In December 2004, when tsunamis devastated the coasts of Southeast Asia and India, the damage was cataclysmic.
TO AID TSUNAMI VICTIMS
Whole towns were destroyed and islands disappeared. Immediately, 600 Volunteer Ministers from 28 nations responded from as near as Australia and as far as the United Kingdom, Scandinavia, the United States and Latin America, bringing physical and spiritual aid to tsunami victims and rescue workers.
The Volunteer Ministers provided a wide range of materials and services most needed by the emergency workers and officials. Deployed to hospitals to assist overloaded medical teams, Volunteer Ministers aided over 300,000 individuals. They concurrently trained everyone possible on Volunteer Minister technology, particularly Assists, procedures to help another overcome emotional upset, stress or trauma or alleviate pain from illness or injury. Doctors, nurses, Muslim clerics and Buddhist monks were among the 50,000 who learned these procedures, and who, in turn, brought help to tens of thousands more.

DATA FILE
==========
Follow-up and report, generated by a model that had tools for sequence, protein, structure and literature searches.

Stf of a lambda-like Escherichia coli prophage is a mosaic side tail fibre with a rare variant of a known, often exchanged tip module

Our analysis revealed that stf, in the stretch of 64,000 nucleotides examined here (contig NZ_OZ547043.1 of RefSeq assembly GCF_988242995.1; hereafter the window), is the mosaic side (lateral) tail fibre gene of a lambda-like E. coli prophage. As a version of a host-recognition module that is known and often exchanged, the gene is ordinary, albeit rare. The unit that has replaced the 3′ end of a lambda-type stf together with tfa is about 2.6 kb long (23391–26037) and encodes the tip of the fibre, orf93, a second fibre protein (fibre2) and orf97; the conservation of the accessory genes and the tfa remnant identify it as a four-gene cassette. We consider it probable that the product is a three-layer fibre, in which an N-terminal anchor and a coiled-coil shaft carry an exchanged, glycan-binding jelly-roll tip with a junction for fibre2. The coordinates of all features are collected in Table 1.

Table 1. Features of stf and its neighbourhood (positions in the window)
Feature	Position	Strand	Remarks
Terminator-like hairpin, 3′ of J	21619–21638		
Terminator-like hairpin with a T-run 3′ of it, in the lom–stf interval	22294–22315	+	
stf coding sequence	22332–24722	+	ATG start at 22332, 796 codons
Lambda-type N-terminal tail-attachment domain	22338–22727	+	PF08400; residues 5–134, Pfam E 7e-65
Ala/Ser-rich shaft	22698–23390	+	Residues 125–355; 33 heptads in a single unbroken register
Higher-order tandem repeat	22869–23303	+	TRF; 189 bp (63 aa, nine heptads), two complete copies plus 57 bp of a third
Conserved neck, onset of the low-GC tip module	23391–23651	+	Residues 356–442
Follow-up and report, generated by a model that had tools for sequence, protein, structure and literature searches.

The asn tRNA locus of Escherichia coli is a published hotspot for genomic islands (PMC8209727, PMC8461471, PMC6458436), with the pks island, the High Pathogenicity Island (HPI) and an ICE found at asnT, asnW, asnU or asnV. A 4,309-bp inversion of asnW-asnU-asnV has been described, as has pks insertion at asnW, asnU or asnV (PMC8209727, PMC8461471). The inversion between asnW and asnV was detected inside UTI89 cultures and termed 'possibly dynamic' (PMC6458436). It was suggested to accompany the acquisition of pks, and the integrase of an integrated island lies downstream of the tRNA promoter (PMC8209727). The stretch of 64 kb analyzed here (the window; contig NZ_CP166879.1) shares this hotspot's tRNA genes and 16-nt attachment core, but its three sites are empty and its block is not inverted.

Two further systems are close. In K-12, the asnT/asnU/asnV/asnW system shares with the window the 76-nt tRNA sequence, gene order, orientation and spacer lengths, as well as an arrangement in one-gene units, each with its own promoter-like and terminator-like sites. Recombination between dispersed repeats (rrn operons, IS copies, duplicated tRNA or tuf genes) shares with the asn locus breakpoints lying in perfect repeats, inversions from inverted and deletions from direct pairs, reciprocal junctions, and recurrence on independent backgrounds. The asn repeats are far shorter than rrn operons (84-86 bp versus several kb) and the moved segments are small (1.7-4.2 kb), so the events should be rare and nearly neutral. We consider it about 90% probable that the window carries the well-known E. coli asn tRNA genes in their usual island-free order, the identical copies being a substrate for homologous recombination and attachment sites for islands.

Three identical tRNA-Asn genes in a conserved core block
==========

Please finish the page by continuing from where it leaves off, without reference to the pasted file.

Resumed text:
The region continued to suffer the ravages of typhoons, hurricanes and cyclones, and Volunteer Ministers returned time and again to provide assistance to victims and emergency workers. In 2007, a team returned to Indonesia providing Assists and emergency aid to those in need in Jakarta and Sumatra, where flooding had left tens of thousands homeless. Additionally, they multiplied the available aid resources by giving workshops on Volunteer Minister techniques to thousands of individuals and groups.
“The Volunteer Ministers are a remarkable group of individuals whose purpose is truly to help improve conditions. Their focus is one of organization and coordination. Their self-sufficiency and ability to direct all relief efforts is an indispensable asset to our country at this time. They work with government and community leaders, and aid in the coordination of all relief efforts. Their first concern is the effectiveness of the professionals. This is a highly qualified and dedicated team that is an immense asset to our country.” —Prime Minister’s Office, Sri Lanka, December 2004
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